Considering Wilco’s Joy
Jeff Tweedy rarely sounds happy. The Wilco frontman—responsible for the line “I shake like a toothache / When I hear myself sing”—carries a tune as if he’s bearing the weight of the world. When a smile enters Tweedy’s voice, it’s typically a weary one.
Yet Tweedy and Wilco never seem less than joyful. Their work beautifully rests on the tangled nature of our inner lives. Tweedy knows we bundle feelings, memories, and experiences. Recognizing this coexistence allows him to preface a sentiment like “I’m always in love” with the words “I’m worried.” He feels free to live in the middle of regret, self-loathing, and gratitude, bending them together into a love song with a decidedly unsentimental hook: “I’ve got reservations / About so many things / But not about you.”
“Nothing is simple, nothing’s just one emotion,” Tweedy said in a 2014 interview with The Quietus. “I don’t think anybody ever has one emotion at one time.” That idea rings loud and clear through Wilco’s latest, Ode to Joy. The title itself reads like a crooked smile. Tweedy and his bandmates acknowledge their place as those who relish the goodness in the world yet remain skeptical of it. Wilco never expresses just one emotion at a time, creating a sensibility as complicated as joy itself.
Musically, Ode to Joy keeps company with the minimalist vibe of recent Wilco records and Tweedy solo joints. Tweedy’s soulful murmurs and loping guitar carry most of the songs, yet his bandmates weather and shape his presence with subtlety and grace. Glenn Kotche’s drums set the table for leadoff track “Bright Leaves.” As the song scratches its way to something like momentum, Nels Cline’s guitars are more suggestive than assertive and John Stirratt contributes a stair-step funky bassline.
As the record advances, Tweedy wrestles slippery topics. “Before Us” tries to assess the messes handed down by previous generations, then questions whether we’ve made anything better. “One and a Half Stars” reminds us that Tweedy is one of our wisest, most vulnerable songwriters on the subject of mental illness: “I’m left with only my desire to change / So what? I stay in bed all day / I can’t escape my domain."
“Everyone Hides” gets tangled up in the shades of blue within each one of us, while “White Wooden Crosses” spins out a sad daydream as Tweedy wonders what life would be like without a loved one. “I asked myself, ‘How would I let go’ / And a thought appeared like a morning dew / And my blood ran cold ... As these sad ideas passed through.”
Wilco never expresses just one emotion at a time, creating a sensibility as complicated as joy itself.
Some writers put their dread to paper, believing if they set their worst fears free, they won’t come true. Tweedy writes what he already knows, as one who has endured creative turmoil, survived addiction, and come through his wife’s bout with cancer with his family intact. Yet when he sings of these circumstances, he never sounds fatalistic or defeated. Part of this quiet coup comes in his ability to put one musical foot in front of the other. Tweedy owes much of it to the support of his band. Cline’s guitar deeply sighs in one moment; in another, it crackles with the sound of coming alive. It even approximates the sound of breathing in new morning mercies. On “Love Is Everywhere (Beware),” his guitar and Kotche’s drums sound out perseverance, like the force inexplicably propelling Tweedy out of bed in the morning and setting his feet on the floor.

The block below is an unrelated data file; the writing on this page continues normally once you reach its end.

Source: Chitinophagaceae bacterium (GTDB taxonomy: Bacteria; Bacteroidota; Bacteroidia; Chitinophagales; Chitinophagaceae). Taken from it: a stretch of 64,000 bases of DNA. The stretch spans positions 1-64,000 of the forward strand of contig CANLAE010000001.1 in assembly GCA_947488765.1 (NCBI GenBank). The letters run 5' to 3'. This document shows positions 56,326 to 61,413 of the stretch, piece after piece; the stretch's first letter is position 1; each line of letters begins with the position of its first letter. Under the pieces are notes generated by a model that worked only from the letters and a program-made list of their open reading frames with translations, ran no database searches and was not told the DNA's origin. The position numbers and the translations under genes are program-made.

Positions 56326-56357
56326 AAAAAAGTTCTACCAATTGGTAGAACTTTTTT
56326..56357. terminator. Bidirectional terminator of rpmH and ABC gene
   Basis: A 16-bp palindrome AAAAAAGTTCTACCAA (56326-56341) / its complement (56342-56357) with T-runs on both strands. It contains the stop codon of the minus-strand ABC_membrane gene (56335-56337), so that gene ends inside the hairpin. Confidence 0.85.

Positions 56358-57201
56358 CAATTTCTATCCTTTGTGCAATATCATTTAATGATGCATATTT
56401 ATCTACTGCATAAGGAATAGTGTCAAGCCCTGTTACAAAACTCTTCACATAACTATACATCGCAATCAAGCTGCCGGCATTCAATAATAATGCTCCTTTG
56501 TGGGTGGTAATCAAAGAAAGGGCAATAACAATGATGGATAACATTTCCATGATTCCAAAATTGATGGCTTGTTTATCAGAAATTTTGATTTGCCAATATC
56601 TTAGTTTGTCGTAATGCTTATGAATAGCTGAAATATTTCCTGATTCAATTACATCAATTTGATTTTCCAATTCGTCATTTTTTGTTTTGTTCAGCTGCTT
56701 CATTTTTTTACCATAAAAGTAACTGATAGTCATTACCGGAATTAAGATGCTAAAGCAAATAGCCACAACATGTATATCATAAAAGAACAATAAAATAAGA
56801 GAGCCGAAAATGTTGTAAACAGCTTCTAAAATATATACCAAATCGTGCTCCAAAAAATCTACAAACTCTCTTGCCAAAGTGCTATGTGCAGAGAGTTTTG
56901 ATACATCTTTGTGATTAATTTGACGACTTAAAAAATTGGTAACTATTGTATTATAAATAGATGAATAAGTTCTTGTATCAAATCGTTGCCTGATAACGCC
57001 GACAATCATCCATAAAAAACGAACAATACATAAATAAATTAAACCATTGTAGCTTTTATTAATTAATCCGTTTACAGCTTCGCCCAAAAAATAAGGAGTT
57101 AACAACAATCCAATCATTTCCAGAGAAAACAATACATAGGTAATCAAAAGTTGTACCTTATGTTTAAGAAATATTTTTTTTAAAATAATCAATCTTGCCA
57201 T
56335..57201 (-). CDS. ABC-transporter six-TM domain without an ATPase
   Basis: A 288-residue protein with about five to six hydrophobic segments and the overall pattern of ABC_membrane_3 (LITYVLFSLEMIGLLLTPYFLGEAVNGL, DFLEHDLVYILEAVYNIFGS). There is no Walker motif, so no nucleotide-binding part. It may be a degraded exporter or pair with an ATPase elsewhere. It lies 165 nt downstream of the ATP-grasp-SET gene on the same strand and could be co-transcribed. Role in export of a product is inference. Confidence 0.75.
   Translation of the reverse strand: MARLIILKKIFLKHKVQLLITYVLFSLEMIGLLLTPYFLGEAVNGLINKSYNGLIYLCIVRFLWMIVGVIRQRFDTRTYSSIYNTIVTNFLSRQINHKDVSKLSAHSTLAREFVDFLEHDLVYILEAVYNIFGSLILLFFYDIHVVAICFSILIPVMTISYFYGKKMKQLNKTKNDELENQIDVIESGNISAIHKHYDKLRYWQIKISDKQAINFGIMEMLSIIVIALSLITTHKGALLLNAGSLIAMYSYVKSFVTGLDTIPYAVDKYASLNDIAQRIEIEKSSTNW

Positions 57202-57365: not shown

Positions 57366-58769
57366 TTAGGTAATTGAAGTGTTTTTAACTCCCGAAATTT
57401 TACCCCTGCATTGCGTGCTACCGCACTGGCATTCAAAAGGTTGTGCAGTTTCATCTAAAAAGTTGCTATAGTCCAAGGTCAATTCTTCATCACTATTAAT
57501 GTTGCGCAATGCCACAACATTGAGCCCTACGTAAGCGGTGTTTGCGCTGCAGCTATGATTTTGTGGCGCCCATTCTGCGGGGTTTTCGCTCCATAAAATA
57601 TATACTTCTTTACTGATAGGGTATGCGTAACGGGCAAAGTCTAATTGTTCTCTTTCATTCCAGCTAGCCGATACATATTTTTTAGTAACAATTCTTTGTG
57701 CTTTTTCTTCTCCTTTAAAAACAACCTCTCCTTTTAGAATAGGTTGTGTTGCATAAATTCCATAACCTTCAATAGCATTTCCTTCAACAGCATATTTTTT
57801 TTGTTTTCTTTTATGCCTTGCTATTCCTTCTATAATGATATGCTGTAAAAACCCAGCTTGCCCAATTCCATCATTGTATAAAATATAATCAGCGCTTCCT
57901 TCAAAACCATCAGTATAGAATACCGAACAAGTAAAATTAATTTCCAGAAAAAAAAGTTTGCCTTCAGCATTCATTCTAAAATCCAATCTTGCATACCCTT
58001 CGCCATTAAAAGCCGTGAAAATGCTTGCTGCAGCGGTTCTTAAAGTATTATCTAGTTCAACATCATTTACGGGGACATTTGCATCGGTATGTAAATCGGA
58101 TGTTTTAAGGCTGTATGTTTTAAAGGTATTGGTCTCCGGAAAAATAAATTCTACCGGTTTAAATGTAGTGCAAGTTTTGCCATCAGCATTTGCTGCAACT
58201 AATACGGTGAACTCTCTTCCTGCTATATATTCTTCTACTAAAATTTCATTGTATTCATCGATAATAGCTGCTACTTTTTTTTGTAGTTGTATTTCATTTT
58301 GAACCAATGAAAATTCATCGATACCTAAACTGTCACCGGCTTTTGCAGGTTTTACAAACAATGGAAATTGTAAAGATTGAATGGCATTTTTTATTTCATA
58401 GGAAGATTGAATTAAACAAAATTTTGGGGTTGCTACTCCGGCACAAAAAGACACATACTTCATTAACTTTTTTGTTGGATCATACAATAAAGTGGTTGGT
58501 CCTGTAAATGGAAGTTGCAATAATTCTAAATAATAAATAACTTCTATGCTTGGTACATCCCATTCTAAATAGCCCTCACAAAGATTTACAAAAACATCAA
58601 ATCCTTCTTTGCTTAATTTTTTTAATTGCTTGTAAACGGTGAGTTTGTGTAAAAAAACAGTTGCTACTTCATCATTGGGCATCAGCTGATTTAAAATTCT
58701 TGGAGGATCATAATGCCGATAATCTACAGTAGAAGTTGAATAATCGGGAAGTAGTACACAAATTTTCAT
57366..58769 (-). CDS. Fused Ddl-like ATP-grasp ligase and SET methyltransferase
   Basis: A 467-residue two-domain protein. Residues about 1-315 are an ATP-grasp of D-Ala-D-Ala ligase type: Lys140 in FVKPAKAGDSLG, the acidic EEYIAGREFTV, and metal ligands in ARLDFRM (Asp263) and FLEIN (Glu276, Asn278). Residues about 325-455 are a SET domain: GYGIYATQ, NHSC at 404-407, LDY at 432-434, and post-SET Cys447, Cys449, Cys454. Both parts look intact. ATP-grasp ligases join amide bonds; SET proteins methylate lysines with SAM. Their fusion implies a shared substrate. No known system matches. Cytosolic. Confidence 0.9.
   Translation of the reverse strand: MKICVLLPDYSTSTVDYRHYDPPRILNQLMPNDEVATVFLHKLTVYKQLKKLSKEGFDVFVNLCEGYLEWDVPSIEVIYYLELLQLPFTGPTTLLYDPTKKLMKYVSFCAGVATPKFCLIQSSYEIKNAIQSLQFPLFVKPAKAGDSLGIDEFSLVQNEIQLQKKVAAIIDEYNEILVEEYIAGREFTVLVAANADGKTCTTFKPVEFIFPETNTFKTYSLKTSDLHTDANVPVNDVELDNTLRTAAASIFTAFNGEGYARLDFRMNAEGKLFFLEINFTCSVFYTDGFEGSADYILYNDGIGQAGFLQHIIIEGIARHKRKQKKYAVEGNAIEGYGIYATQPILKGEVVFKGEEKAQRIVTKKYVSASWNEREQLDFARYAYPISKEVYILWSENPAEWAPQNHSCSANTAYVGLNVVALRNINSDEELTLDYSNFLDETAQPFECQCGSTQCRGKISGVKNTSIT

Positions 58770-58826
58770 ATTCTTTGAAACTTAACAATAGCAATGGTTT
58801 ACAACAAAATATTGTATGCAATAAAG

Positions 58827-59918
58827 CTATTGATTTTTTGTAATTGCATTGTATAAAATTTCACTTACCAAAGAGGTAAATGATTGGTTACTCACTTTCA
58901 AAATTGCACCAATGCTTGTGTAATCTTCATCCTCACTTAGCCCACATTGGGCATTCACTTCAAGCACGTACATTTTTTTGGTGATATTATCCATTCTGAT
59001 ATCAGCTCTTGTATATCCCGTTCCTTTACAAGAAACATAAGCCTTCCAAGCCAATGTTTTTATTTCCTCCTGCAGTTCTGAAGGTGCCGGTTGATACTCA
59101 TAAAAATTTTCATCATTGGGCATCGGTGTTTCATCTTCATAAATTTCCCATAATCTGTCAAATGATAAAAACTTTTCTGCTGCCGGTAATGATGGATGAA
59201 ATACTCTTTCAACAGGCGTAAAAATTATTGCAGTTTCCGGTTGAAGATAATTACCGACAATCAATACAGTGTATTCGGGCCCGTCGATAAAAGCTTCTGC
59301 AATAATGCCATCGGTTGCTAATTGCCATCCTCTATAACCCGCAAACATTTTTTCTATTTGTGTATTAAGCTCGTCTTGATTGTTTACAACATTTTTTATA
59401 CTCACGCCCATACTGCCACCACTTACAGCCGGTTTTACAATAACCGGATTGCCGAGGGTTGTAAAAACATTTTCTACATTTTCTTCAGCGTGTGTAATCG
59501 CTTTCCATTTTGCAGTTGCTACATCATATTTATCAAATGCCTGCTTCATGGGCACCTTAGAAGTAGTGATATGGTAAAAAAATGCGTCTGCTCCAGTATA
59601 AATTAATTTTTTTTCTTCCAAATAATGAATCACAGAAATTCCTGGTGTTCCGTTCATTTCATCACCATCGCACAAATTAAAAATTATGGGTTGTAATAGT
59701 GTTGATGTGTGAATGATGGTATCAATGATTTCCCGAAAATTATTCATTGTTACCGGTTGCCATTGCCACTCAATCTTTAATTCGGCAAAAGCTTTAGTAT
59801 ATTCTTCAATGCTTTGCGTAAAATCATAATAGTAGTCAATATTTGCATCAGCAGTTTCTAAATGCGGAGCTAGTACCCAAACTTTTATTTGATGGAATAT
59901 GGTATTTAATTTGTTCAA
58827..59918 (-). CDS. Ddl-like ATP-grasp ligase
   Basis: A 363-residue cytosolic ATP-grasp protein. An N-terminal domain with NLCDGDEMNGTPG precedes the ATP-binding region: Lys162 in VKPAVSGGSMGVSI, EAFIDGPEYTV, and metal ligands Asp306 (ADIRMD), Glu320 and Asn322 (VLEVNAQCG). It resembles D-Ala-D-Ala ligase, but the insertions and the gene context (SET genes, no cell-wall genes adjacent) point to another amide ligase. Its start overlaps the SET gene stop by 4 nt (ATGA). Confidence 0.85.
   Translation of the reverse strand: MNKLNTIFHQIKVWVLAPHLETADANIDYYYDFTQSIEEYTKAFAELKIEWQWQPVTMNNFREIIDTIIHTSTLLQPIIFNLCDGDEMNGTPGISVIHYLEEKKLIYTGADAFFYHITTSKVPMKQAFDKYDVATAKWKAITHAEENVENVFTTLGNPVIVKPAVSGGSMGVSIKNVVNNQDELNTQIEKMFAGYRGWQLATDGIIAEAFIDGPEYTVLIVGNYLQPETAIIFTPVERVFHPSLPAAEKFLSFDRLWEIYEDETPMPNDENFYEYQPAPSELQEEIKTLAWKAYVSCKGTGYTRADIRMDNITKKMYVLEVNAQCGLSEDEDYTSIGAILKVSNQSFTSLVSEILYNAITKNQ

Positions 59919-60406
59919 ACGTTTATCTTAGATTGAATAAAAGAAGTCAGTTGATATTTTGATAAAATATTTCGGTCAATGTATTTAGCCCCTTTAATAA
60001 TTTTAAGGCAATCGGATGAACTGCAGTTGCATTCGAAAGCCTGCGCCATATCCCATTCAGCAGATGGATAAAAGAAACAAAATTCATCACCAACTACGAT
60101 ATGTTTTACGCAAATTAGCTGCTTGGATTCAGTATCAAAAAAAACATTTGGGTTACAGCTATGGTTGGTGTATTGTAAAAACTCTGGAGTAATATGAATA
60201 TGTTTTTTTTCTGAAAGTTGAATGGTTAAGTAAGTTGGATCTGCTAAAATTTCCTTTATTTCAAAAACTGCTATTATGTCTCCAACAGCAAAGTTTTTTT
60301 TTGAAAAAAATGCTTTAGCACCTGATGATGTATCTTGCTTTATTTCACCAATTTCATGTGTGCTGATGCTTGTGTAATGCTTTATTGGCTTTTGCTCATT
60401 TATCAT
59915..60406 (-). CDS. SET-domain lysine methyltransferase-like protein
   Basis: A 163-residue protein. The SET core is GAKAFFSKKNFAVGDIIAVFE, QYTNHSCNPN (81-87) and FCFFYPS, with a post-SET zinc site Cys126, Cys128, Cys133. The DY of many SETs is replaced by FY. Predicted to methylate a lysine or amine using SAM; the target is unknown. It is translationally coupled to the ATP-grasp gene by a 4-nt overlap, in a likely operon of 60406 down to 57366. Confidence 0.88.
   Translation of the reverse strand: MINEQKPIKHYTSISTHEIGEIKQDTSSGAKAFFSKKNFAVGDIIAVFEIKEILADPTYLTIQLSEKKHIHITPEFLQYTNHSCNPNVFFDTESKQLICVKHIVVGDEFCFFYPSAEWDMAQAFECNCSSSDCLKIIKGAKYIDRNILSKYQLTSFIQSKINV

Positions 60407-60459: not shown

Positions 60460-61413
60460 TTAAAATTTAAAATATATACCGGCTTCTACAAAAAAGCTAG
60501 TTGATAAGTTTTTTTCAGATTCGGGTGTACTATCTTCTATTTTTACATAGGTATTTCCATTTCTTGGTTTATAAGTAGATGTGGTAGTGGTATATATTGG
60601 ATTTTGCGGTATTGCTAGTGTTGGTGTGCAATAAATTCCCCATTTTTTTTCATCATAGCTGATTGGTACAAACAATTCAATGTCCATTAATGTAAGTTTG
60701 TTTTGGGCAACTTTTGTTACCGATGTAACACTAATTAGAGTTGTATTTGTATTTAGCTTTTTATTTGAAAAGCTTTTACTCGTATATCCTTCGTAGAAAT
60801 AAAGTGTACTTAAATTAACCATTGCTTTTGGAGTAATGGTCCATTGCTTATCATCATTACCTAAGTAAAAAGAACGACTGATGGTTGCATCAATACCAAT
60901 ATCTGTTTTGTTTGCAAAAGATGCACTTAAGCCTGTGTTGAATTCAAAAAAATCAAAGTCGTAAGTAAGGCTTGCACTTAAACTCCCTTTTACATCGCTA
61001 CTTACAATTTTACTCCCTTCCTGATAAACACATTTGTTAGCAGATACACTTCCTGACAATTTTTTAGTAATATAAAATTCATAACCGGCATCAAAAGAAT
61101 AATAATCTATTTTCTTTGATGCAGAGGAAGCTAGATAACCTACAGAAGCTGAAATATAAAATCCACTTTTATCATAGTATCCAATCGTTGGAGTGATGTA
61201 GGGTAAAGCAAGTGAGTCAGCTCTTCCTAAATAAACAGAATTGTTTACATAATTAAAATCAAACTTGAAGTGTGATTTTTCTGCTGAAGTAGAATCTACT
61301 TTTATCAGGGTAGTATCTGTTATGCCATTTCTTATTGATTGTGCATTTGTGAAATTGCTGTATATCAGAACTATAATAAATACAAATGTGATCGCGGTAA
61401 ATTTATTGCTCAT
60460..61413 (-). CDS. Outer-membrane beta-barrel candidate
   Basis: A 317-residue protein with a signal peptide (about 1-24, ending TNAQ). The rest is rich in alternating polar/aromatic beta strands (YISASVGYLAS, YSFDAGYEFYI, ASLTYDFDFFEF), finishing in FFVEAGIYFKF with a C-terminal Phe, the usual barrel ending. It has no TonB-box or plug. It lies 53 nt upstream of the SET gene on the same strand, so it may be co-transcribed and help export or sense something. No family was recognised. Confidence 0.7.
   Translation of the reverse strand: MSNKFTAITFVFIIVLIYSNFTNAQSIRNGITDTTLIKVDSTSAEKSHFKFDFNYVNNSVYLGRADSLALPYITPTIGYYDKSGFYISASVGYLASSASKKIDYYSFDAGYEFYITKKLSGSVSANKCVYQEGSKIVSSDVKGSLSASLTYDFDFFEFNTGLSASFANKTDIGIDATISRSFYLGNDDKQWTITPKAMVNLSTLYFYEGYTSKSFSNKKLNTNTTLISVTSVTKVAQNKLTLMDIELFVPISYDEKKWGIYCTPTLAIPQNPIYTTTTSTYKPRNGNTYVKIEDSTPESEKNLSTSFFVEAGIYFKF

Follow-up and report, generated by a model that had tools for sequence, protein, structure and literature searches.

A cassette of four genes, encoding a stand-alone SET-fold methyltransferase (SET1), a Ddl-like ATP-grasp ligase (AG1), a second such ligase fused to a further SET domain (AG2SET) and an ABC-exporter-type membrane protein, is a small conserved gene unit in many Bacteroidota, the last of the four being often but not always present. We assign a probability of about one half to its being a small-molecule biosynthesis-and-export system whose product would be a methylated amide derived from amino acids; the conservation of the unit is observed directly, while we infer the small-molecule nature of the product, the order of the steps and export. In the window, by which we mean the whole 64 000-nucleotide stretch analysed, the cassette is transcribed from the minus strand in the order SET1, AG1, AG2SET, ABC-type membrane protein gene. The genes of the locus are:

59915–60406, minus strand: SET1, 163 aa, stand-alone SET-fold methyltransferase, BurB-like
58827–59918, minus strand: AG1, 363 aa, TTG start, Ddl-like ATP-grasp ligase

More than any song on Ode to Joy, “Love is Everywhere (Beware)” captures Tweedy’s capacity for navigating more than one emotion at a time. “Sadness wants me / Further away from the scene,” he sings early. “But right now, right now / love is everywhere.” Later he addresses his beloved, owning his unsteadiness but placing it against the backdrop of something bigger and better: “So many things I do / I can’t explain to you / Right now, right now / Love is everywhere / But right now, I’m frightened how / Love is here, beware / Our love is everywhere.”
Christians struggle to parse out the difference between joy and happiness. Encouraged, rightly and biblically, to pursue abiding joy, we nevertheless often sacrifice happiness on the altar of piety. The serious Christian, we are conditioned to believe, has little use for anything so fleeting and flighty. We should reject this falsehood and treasure happiness as a gift of God when and where it might be found. Joy, however, is something even deeper—it’s available even in the absence of happiness. The late, great poet Mary Oliver wrote that “Joy is not made to be a crumb.” However Oliver defined joy, she clearly recognized it as something meant to sustain us, a feast and not table scraps.
When we read the New Testament, we learn that joy flourishes amid all manner of feelings and circumstances. It is tied up with hope, even as we endure difficulty; it is most fully expressed in the vision of redemption which carried Jesus to and through the cross. He knew joy as he saw how his suffering would perfect our faith and prove the worth of God’s reclamation project. We aren’t wrong to aim for happiness, but we’re called to live in joy.
Joy, the way the Bible describes it, carries us along like a current. It churns beneath the surface of our circumstances, compelling body and soul to keep going. Joy points us to something—and someone—of worth in the midst of decaying bodies, deferred dreams, and dismaying sin. Joy might be complicated, but it’s so good.
The joy God gives doesn’t sound that far afield from what Wilco gives voice to. Even when we fail to trust our feelings or are tossed between competing emotions, joy remains steady and sturdy. It sticks to the soul. Like a Jeff Tweedy love song, joy might sound unromantic, but it runs deep. Found in the person and gifts of God, joy colors even our darkest days. Joy changes everything.